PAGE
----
Magnesium: The Original “Chill Pill”

In relation to anxiety, magnesium supplements have indicated signs of being a plausible treatment method when combined with other dietary supplements. One study took into consideration the anxiety levels associated with premenstrual symptoms and investigated both the single and combined effect of 200 mg of magnesium with 50 mg of Vitamin B6. In this randomized, double-blind, placebo-controlled study using a crossover design, 44 women with an average age of 32 was assigned randomly to take consecutively one of the following treatments daily for one menstrual cycle: 200 mg magnesium; 50 mg Vitamin B6; 200 mg magnesium and 50 mg Vitamin B6; or a placebo. Throughout the month, patients were required to keep a daily record of symptoms categorized as “anxiety, craving, depression, hydration, other and total.” The study concluded that there was a significant effect on reducing anxiety-related symptoms such as nervous tension, irritability, mood swings, and general anxiety with a treatment of 200 mg magnesium and 50 mg of Vitamin B6.

In a second study, researchers examined the combination of magnesium with English hawthorn and California poppy in subjects experiencing mild to moderate anxiety disorders and also found a small but notable decrease in patient-rated levels of anxiety. A total of 264 patients with generalized anxiety disorders were considered for this double-blind, randomized and placebo-controlled study. 130 patients received the combination of magnesium with English hawthorn and California poppy while the remaining 134 were placed in a placebo group for three months. By the end of the study, those placed in the magnesium supplement group noted a bigger decrease in anxiety symptoms than in the placebo group. While further research is needed before making these supplement combinations a recommendation for the treatment of anxiety, the studies point to a fascinating and potential link.

Magnesium For Improved Adrenal Health

One of the most interesting areas of study involving magnesium supplementation is in relation to chronic fatigue syndrome (CFS), a complicated disorder that has puzzled the medical community for decades. The cause of CFS is not entirely clear and is difficult to explain by any one or two underlying medical conditions, making its treatment quite difficult. One study took on this interesting angle by examining the relationship between CFS patients and low levels of magnesium in red blood cells, a common characteristic of CFS. Researchers wanted to know if magnesium supplementation would improve the symptoms of these patients and matched them with 20 healthy control subjects. In the trial, CFS patients were either allocated intramuscular magnesium injections every week for six weeks or to a placebo. Those treated with magnesium reported improved energy levels, better emotional state and less pain and 80% of them said they had benefited from treatment in some way. By contrast, only 17% of those in the control group said they felt better, showing that magnesium may have a positive effect on CFS sufferers.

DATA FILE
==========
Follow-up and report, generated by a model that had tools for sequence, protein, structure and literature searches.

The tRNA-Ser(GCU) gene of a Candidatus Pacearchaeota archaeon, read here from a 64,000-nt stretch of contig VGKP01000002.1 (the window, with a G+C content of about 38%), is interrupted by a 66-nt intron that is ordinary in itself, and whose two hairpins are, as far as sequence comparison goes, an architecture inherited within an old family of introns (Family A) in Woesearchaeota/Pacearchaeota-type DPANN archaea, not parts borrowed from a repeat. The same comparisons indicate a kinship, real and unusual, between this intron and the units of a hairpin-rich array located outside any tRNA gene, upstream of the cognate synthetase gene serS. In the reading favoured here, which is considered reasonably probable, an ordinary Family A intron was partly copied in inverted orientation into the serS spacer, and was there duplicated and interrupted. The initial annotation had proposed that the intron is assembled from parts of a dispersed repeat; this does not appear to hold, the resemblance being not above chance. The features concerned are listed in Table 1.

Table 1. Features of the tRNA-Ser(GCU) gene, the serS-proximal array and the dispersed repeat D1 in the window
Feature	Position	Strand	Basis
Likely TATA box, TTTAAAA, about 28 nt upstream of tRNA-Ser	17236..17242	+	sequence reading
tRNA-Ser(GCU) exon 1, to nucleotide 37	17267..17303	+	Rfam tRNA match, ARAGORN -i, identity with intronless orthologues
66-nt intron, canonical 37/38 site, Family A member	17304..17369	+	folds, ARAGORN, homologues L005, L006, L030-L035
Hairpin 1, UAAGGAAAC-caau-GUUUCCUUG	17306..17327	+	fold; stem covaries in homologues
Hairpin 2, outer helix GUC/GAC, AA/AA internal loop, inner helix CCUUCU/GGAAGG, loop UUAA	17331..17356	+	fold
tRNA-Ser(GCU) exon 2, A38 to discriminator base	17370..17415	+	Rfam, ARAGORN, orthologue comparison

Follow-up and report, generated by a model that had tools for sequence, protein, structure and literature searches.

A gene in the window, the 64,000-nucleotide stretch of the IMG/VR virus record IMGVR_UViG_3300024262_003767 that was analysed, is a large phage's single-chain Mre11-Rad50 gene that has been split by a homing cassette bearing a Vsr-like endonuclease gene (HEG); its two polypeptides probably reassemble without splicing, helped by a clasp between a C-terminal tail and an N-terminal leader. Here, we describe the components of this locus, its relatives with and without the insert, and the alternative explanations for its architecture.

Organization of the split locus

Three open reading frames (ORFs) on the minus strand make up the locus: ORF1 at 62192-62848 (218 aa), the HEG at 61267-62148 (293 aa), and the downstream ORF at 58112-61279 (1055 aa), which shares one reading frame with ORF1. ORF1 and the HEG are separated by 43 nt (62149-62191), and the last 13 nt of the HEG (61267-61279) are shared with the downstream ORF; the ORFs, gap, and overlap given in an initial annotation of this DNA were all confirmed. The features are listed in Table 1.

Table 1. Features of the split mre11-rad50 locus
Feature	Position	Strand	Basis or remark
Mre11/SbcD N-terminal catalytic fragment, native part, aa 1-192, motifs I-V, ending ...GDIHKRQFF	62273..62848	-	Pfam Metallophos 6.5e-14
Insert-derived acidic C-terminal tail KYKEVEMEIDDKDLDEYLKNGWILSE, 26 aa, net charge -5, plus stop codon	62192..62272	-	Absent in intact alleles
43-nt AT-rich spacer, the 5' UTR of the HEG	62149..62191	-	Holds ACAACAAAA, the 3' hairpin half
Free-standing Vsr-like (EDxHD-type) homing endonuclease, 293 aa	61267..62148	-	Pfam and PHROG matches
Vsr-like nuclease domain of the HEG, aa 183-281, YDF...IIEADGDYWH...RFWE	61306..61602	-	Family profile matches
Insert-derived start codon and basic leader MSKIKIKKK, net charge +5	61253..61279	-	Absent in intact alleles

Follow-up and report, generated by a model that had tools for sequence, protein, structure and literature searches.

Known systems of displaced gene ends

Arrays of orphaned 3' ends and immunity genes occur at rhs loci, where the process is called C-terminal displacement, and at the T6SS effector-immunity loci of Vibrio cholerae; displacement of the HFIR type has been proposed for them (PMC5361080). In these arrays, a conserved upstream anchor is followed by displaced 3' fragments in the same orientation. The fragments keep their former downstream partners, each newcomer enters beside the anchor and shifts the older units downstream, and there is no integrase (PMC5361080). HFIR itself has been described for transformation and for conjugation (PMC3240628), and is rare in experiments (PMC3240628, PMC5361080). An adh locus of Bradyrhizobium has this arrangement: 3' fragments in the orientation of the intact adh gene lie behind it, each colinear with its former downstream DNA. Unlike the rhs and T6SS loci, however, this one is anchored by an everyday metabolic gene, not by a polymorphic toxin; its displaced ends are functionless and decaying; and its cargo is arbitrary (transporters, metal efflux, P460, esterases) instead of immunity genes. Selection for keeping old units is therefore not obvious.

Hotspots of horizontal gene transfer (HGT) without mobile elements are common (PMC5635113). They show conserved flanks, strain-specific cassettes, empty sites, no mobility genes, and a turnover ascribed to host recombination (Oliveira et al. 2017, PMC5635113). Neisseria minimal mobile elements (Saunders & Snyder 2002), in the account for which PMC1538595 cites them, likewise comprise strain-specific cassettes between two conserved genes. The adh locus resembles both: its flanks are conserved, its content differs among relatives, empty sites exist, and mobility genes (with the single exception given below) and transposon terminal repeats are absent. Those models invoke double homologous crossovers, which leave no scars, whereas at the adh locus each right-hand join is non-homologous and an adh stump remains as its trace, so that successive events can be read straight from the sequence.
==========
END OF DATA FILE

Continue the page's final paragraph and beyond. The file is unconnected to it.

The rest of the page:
One study conducted by the Department of Internal Medicine at the University Hospital in Antwerp, Belgium approached magnesium supplementation in a different way, first testing how many CFS sufferers were magnesium deficient before supplementing them. In the 97 patients with CFS that were considered in this study, 44 were proven to be magnesium deficient before any supplementation. After supplementation in 24 patients, the study showed that there was a significant decrease in magnesium retention. Though this study was small, it could help pave the way for future research related to chronic fatigue syndrome and its root causes.

What’s The Takeaway on Magnesium?

There’s still a long way to go in better understanding the role of magnesium in treating medical conditions like migraines and chronic fatigue syndrome. While these studies seem promising, in no way are they definitive in their conclusions. That being said, significant strides have been made to better understand the role of magnesium and its therapeutic effect on a number of medical conditions, making more effective treatments a likely potential.

If you are considering starting a regimen of magnesium supplements, check your magnesium levels with your physician prior to taking any additional supplements. If you have irritable bowel syndrome or other inflammatory bowel diseases, avoid magnesium supplements as they could exacerbate indigestion and cause diarrhea.